LONDON-A perfectly preserved spear dart used 1,000 years ago by hunters has been found in a melting ice patch in the Yukon. The ‘amazing’ find is so well preserved, feather and even the sap used as glue is still visible. ‘I’d never seen anything like that before, it was amazing,’ Jennifer Herkes, who is the heritage manager for the Carcross/Tagish First Nation in Yukon, told CBC.
‘The feathers, the sinew, the sap they would have used as, like, a glue to attach the stone point to the wood shaft — all of it is completely intact.’
The incredible find was made on the Yukon ice patches, near Carcross.
At first, Herkes said didn’t realize what had been found, thinking is was just a small part of a dart. ‘I thought, ‘Oh yeah, that’s neat,’’ she told CBC.
Then she saw it wasn’t just a piece — it was the whole spear.
‘My heart rate started increasing, and I got goose bumps all over.’
The five-foot spear dart, or atlatl, would have been launched with a throwing tool, increasing its velocity.
The area is home to woodland caribou who gather on the ice patches during summer, and it was once a popular hunting ground.
Recent warmer weather has meant tools are now regularly being found in the area as the ice patches melt.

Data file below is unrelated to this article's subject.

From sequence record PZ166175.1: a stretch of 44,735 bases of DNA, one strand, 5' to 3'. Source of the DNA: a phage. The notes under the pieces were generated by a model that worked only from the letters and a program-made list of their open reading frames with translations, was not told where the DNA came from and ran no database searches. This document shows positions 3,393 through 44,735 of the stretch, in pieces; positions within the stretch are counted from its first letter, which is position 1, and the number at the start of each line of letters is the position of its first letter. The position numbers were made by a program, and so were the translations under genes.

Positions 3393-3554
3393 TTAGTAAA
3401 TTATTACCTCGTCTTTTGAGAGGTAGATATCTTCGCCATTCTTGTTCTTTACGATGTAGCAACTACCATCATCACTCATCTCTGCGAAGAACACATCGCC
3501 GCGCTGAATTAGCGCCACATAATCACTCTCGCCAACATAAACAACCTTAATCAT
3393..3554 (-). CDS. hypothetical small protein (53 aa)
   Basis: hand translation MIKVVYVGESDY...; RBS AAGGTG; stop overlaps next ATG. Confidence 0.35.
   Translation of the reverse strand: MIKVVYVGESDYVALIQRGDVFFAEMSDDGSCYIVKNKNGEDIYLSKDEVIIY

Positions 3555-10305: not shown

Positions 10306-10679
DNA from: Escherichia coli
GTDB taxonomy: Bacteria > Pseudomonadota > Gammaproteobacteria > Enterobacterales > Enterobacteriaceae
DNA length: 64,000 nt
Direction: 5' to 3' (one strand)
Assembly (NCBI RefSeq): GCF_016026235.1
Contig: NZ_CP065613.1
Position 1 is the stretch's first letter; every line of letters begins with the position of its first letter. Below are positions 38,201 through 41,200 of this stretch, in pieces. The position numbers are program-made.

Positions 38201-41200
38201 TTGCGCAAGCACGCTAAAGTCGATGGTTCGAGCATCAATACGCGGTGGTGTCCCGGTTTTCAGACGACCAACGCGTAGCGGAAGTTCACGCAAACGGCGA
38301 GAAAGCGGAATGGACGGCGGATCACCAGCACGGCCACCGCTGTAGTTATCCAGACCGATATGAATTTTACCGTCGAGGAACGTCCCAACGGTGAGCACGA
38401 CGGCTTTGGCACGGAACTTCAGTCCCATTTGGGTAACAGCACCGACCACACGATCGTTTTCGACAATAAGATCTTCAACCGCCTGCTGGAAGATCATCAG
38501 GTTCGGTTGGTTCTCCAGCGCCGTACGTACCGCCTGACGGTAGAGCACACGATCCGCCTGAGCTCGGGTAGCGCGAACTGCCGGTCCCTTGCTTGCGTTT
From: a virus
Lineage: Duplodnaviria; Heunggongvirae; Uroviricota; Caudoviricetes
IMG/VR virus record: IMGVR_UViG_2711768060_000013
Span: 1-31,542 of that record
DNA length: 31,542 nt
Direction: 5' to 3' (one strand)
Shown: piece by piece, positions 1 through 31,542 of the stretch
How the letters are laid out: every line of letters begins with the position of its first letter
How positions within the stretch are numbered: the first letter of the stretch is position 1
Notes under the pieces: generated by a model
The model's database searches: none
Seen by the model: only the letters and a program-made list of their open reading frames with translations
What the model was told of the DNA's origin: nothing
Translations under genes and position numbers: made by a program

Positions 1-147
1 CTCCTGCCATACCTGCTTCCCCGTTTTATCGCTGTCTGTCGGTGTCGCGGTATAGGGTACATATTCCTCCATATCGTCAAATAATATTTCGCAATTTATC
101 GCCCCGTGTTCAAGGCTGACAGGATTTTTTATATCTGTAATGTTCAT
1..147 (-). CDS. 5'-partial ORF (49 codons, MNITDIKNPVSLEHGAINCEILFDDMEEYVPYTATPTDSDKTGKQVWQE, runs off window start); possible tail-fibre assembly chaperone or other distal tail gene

‘Carcross/Tagish First Nation Citizens and staff had the opportunity to go up to the ice patches this year,’ the organization said on its Facebook Page.
‘Ice patches are used by caribou to escape the heat and bugs in the summer, and were used as a common hunting location for at least 9000 years.’
The organization is working to have these sites designated as world heritage sites because of their importance and uniqueness.
‘This year’s amazing finds included a ground stone point, an arrow shaft with point, and an intact atl-alt dart,’ it said.
A few weeks before the spear was found, archeologists made another discovery in the ice patches — a ground-stone point.
Earlier this year, archaeologists also confirmed that a rare copper arrowhead discovered on a remote Canadian mountain is almost 900 years old.
The arrowhead, which is at the tip of a perfectly preserved antler arrow, was found sticking out of an ice patch in the Yukon Territory.
The Carcross/Tagish First Nations was also involved in the arrowhead discovery, which shed new light on the history of the Canadian Territory.